Miller Park Zoo uses students from the University of Illinois College of Veterinary Medicine to care for sick animals. "They bring four or five students every time they come. It's a way for them to give back to the community as well," Tetzloff said. "They get to do an ultrasound on an otter or draw different blood, all kinds of things that vets need to experience." Read the WJBC story.

An anesthesia team from the veterinary teaching hospital handled the anesthesia on six tigers, three lions and a leopard at the Exotic Feline Rescue Group in Indianapolis. The big cats had broken teeth that needed either root canal therapy or extraction. Watch the WVTM-Channel 13 video; NBC; Birmingham.

Professor and equine veterinarian Dr. Pam Wilkins advises veterinarians on how to choose the first bag of IV fluid for a distressed foal in the March 2014 issue of The Modern Equine Vet.

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This year, nearly $650,000 in scholarship support was awarded to Illinois veterinary students. $138,000 of this was awarded to first-year students through recruitment scholarships. View photos from the March 15 Awards & Scholarship Celebration on our Flickr site.

Dr. Aaron Lower, Class of 2009, has been named Young Swine Veterinarian of the Year by the American Association of Swine Veterinarians.

Dr. James Lowe, veterinary clinical medicine, served on the Small Business Innovation Research (SBIR) 8.3 Animal and Production Virtual Panel.

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  • 2014 College of Veterinary Medicine Convocation, Friday, May 16, 4:00 pm, in the Foellinger Great Hall at the Krannert Center for the Performing Arts, Urbana, Ill. Find out more.
  • AVMA Alumni Reception, Monday, July 28, 7:00 pm, at the Hyatt Regency Denver, Colo.  Find out more or register now.
  • 8th Annual Veterinary Medical Association Golf Outing, Saturday, September 20, 9:00 am,
    Lake of the Woods Golf Course, Mahomet, Ill. This event supports student and alumni activities.  Join us or sponsor a student. Find out more or register now.
  • Fall Conference Alumni Award Presentations, Thursday, September 11, 5:00 pm. Hilton Garden Inn, Champaign, Ill. Do you know colleagues, mentors or classmates who deserve to be recognized for their achievements? Nominate them for either the Dr. Erwin Small Distinguished Alumni Award or Special Service Award.  Find out more.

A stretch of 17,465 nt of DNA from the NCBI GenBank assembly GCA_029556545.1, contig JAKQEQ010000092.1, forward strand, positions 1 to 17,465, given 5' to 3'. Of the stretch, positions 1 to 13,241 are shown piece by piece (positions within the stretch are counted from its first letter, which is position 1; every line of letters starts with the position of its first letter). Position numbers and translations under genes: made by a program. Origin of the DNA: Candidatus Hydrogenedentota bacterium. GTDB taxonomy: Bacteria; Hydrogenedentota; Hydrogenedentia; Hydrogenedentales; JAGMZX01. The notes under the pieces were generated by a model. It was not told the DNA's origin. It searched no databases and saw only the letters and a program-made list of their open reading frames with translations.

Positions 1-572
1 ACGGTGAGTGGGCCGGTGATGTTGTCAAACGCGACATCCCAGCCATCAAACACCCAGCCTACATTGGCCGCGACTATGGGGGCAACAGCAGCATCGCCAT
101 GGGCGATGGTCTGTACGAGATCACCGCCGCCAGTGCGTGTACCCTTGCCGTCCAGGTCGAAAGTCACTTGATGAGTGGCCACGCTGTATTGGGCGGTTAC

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VSC at Illinois

VSC at IllinoisUnder the name VSC at Illinois, a partnership has been formed between the University of Illinois College of Veterinary Medicine and Veterinary Specialty Center, a private practice based in Buffalo Grove, Ill.

Located at the college's Chicago headquarters in the Illinois Medical District at 2242 West Harrison Street, VSC at Illinois is now offering advanced surgery, internal medicine, and oncology as well as round-the-clock emergency veterinary care for dog and cat owners referred for treatment by their primary care veterinarians. Veterinarians from VSC who will see patients at the VSC at Illinois location include Dr. Mitch Robbins and Dr. Paula West, surgeons; Dr. Mimi Noonan, internal medicine; and Dr. Rhonda Feinmehl, oncology. They will be assisted by certified veterinary technicians hired through VSC.

The partnership is built on common goals and interests of the college and private practice, including delivering high quality specialty services that augment the lifelong health services provided by primary care veterinarians to their clients and animal patients; advancing veterinary specialty medicine through residency training and scholarly publications; providing continuing education for veterinary practitioners; and improving the health and well-being of dogs and cats in the Chicago area. Find out more about VSC at Illinois.

VCS at Illinois Launches New Bi-monthly Journal Club Thursday, April 24

VSC specialists will be launching a new bi-monthly journal club at the Illinois Medical District facility on Thursday, April 24, from 7:30 to 8:30 pm. Mitch Robbins, DVM, DACVS will lead a discussion on surgical issues including hand asepsis, suture material selection, and cystotomy closure. Each article will be critically reviewed for introduction, hypothesis, materials and methods, results and discussion.  The conclusion of the article will be discussed in the context of the clinical practice of the participants. Registration is free. One hour of continuing education credit may be earned. Find out more or register now.

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The teaching hospital's dermatology service is seeking dogs for a study exploring the effectiveness of treating ear infections with Zymox. Evaluations and treatments will be offered free to owners along with a $50 credit for future use in the teaching hospital. Read more about eligibility requirements.

Visit our clinical trials website to learn more about other current studies.